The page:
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Gram-negative resistance and need for ICU among urinary tract infections in the United States
Critical Care volume 17, Article number: P74 (2013)
Urinary tract infection (UTI) can lead to both hospitalization and severe sepsis. We theorized that UTI due to Gram-negative (GN) multidrug-resistant P. aeruginosa (MDR-PA), extended-spectrum ß-lactamase (ESBL), E. coli (EC) and Klebsiella sp. (KP), and carbapenemase-producing Enterobacteriaceae (CPE) would be frequently isolated in the ICU.
We analyzed a large US-based microbiology database, Eurofins TSN, between the years 2000 and 2009. We determined the proportion of isolates caused by MDR-PA, ESBL-EC, ESBL-KP, and CPE relative to their susceptible counterparts. We defined MDR-PA as any isolate resistant to ≥3 drug classes. ESBL organisms were defined as E. 3coli and K. pneumoniae resistant to a third-generation cephalosporin. Enterobacteriaceae were considered CPE if resistant to both a third-generation cephalosporin and a carbapenem. We further examined the evolution of the frequency of resistance among GN UTIs over time.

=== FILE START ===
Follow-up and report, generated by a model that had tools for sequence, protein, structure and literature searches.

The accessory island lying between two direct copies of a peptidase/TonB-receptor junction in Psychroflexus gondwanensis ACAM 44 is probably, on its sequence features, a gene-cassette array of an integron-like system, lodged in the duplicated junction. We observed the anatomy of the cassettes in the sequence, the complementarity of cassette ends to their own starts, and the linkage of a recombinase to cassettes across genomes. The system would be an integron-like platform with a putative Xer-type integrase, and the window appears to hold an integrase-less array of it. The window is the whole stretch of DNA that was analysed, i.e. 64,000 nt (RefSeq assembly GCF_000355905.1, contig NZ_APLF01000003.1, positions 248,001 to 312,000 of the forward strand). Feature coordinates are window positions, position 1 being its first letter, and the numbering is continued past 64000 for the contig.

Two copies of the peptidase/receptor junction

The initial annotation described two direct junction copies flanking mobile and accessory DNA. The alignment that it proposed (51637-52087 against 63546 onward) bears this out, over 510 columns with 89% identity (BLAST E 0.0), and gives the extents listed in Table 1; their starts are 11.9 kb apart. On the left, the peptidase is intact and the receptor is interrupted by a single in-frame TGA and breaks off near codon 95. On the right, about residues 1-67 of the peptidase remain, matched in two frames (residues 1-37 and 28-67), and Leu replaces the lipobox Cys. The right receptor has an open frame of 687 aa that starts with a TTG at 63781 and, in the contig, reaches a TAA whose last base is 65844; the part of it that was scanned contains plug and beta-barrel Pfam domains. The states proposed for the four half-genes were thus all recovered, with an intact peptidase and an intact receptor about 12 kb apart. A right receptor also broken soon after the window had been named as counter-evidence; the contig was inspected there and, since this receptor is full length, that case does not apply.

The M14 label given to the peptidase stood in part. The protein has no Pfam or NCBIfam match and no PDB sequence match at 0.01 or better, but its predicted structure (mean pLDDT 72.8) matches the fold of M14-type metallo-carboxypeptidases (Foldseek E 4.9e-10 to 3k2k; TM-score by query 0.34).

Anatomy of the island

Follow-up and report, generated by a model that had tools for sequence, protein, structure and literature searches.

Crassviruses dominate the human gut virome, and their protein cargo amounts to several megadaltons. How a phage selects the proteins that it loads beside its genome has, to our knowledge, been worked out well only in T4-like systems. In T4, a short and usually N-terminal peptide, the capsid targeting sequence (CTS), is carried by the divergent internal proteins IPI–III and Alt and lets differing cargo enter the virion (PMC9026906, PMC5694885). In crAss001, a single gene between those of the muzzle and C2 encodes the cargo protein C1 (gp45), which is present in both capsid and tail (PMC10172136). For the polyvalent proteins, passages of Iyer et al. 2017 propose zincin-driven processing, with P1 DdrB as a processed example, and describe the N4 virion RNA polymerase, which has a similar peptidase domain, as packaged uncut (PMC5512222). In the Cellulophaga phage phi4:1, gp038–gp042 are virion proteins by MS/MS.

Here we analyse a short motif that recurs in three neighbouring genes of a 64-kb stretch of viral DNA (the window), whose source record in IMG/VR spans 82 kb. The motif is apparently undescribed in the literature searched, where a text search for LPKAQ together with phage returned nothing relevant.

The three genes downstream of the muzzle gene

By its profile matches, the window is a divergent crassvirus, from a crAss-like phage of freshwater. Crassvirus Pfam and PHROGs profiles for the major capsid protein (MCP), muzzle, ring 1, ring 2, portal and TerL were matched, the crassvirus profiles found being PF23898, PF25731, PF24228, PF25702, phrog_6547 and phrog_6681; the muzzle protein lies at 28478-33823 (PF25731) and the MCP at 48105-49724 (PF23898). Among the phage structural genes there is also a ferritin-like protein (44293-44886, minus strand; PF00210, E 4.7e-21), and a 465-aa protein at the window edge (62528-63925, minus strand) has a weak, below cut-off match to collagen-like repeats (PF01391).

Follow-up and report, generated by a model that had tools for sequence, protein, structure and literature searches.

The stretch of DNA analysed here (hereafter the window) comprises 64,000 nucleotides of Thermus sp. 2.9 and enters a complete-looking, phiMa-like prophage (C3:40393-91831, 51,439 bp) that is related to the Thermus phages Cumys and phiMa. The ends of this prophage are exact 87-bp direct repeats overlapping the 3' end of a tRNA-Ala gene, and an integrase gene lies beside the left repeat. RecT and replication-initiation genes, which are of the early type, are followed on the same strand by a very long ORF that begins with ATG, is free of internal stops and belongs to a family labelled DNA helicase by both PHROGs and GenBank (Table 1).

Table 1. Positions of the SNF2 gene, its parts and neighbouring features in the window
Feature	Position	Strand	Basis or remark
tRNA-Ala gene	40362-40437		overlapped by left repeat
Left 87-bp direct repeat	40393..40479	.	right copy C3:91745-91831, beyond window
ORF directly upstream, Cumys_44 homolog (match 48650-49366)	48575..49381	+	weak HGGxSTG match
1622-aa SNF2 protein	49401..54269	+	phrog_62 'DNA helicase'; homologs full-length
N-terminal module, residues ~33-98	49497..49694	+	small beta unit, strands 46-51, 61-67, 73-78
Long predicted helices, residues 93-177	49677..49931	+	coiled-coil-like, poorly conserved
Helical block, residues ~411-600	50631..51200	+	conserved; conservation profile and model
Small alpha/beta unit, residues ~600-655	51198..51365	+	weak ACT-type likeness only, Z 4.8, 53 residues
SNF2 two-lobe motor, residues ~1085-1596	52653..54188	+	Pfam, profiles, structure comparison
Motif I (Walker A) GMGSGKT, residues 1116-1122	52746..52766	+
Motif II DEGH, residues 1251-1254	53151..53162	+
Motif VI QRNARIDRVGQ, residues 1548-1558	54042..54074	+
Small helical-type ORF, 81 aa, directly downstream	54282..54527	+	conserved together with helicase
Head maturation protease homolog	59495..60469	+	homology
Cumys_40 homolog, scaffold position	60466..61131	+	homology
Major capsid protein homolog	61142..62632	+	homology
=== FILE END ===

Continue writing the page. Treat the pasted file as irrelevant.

We identified 115,201 PA (13.7% MDR-PA), 359,090 EC (5.6% ESBL), 97,419 KP (12.9% ESBL), and 176,110 Enterobacteriaceae (0.6% CPE) UTI specimens. The prevalence of resistance rose for each organism of interest from 2000 through 2009: MDR-PA, 11.6 to 12.3%; ESBL-EC, 3.3 to 8.0%; ESBL-KP, 9.1 to 18.6%; CPE 0 to 2.3%. For each organism the proportion of resistant pathogens was consistently higher among ICU specimens than among specimens from other hospital locations, reaching nearly 20% for MDR-PA (Figure 1).
The microbiology of GN UTI hospitalizations has shifted over the last decade and greater antimicrobial resistance is evident. The prevalence of MDR-PA, ESBL-EC, ESBL-KP, and CPE is higher in the ICU than in other hospital locations.
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Zilberberg, M., Shorr, A. Gram-negative resistance and need for ICU among urinary tract infections in the United States. Crit Care 17, P74 (2013). https://doi.org/10.1186/cc12012
- Public Health
- Urinary Tract
- Tract Infection
- Urinary Tract Infection
- Emergency Medicine